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Hits At The Core

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Posted by Harvey on June 4, 2003 19:28:27 UTC

Kyle, what you said hits at the core of beliefs in general. Which raises the question, does belief play even a more fundamental role such as how the 'observer' has been shown to play a fundamental role in quantum mechanical systems. I've often pondered the concept that pragmatism is not only a justification theory, but a truth theory as well. That is, pragmatism doesn't just tell us support our reason for believing or acting a certain way, but in addition pragmatism as an ontology defines truth and underlies the reason why anything exists at all.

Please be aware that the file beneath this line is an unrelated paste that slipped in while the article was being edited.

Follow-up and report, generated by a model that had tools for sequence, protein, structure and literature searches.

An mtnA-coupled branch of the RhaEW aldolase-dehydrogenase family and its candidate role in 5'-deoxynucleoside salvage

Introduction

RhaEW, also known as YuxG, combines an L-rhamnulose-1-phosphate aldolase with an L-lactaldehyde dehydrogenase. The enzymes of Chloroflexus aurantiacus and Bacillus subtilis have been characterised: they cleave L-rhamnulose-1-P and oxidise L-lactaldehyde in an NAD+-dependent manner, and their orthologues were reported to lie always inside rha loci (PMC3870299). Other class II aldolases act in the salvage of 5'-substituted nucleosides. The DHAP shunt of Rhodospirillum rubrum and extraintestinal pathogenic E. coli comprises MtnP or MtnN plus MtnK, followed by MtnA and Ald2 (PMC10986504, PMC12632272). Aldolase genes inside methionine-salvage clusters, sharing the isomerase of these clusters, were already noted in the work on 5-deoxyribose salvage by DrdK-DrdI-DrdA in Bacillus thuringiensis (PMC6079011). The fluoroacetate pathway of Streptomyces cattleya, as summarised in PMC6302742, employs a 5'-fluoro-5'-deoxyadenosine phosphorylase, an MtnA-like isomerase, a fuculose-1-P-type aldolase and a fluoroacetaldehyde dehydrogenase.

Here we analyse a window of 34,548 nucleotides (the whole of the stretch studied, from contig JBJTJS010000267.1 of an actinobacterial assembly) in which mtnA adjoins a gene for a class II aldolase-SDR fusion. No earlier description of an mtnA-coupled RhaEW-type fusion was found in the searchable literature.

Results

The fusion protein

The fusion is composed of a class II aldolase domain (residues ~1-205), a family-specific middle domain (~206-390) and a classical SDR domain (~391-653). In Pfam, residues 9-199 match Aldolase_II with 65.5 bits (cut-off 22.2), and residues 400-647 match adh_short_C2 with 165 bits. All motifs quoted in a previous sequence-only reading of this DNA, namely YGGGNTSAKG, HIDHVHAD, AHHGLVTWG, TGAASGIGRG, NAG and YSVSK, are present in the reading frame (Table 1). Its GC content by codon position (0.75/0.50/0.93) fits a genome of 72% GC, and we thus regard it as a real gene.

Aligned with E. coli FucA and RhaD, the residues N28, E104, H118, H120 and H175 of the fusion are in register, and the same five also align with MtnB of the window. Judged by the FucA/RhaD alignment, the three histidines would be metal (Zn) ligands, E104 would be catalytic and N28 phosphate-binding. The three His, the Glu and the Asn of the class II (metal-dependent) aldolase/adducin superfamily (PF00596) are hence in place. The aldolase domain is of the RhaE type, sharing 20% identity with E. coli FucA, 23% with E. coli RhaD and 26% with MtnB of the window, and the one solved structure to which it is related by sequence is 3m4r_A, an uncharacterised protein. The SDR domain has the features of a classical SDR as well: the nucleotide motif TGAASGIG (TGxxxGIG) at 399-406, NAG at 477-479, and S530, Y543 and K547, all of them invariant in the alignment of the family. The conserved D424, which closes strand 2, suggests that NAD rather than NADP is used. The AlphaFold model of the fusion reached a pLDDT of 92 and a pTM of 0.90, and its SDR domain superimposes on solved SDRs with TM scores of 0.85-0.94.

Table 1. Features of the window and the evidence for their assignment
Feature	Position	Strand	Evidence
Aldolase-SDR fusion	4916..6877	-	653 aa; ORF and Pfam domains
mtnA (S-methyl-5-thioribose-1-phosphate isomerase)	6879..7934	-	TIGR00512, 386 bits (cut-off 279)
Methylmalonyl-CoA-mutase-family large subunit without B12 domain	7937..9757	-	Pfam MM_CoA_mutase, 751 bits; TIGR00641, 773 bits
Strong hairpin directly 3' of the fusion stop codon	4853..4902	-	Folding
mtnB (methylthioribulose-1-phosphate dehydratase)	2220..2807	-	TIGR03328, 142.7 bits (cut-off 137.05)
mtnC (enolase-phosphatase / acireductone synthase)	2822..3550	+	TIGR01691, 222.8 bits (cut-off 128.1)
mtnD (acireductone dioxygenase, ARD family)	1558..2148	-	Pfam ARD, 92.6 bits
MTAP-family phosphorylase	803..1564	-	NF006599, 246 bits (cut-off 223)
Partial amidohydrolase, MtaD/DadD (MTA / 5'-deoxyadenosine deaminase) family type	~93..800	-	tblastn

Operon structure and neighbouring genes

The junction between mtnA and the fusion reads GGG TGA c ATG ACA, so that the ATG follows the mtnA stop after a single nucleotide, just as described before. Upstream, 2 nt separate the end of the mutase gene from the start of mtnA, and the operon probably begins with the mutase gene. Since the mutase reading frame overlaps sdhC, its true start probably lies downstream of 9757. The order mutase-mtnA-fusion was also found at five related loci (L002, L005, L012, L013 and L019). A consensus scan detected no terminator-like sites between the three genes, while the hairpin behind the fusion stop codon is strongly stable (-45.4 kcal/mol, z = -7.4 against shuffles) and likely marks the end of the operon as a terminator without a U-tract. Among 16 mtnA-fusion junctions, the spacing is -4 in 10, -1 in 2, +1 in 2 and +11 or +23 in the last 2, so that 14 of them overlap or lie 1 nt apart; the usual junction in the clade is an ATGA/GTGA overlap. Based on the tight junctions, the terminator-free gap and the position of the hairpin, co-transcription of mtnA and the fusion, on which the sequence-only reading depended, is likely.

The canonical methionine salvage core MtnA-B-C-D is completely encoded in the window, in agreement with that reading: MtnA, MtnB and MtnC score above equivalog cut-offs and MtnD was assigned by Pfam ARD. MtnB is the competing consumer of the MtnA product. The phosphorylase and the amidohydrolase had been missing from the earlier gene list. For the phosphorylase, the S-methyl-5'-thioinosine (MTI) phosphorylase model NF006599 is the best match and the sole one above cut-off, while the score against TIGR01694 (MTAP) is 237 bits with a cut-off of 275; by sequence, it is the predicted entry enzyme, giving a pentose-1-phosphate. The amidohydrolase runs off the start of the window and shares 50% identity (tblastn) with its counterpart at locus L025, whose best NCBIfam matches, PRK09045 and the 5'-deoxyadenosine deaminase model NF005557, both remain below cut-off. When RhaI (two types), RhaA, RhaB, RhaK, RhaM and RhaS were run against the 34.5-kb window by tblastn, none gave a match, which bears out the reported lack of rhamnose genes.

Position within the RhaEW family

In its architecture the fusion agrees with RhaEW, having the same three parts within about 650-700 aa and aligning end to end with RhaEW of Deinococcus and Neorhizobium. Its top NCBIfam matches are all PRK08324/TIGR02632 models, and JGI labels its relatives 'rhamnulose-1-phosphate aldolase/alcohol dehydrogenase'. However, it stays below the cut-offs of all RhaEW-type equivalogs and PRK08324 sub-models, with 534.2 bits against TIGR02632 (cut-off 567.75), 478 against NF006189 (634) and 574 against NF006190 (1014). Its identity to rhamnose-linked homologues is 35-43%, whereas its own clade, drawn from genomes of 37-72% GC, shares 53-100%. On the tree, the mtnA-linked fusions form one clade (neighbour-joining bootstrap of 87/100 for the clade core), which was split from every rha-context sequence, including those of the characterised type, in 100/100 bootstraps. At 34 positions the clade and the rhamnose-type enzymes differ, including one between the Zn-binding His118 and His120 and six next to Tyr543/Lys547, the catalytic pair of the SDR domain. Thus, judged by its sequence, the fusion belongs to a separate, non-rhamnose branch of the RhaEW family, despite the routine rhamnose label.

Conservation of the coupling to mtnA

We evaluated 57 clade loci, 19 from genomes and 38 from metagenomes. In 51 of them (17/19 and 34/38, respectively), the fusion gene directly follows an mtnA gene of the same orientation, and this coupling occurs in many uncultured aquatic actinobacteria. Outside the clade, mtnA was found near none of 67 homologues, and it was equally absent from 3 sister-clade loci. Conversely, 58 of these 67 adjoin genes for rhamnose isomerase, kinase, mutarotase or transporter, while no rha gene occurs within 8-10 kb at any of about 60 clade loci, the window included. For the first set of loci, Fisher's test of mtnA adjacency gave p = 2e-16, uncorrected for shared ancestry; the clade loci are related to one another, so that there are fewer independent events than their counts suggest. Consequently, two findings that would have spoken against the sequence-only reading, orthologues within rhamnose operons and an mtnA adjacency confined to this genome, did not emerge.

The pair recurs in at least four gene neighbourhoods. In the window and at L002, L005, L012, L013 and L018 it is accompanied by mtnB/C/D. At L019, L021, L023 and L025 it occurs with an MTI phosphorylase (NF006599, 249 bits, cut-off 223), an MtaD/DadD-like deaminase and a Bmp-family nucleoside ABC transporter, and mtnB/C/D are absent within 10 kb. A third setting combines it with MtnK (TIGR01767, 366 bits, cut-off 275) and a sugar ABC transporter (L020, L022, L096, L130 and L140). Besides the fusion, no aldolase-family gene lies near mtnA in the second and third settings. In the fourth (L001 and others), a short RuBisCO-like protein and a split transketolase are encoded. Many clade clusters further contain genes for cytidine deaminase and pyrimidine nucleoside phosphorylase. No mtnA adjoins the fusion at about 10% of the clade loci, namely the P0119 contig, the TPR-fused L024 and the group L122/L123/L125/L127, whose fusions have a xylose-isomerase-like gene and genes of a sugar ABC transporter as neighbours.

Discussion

If we treat a pragmatic truth as that which fulfills a justified need (e.g., the belief that there is gold at Fort Knox is a pragmatic truth that fulfills a justified need for economic security), then a theory of truth based on pragmatism is a theory that 'needs' exist. If there are no 'needs' - there is no truth. In order to have a 'need' requires by definition that there are those who 'need'. In essence, I wonder (out loud) if a pragmatic theory of truth requires not only observers but participants.

I've felt for sometime that the 'cause' of the universe is greatly related to a valid theory of truth(s) that requires satisfaction (e.g., in a Tarskian sense). If so, then terms such as pragmatism, correspondence, and coherence (all theories of truth) might play a fundamental role. Just wondering...

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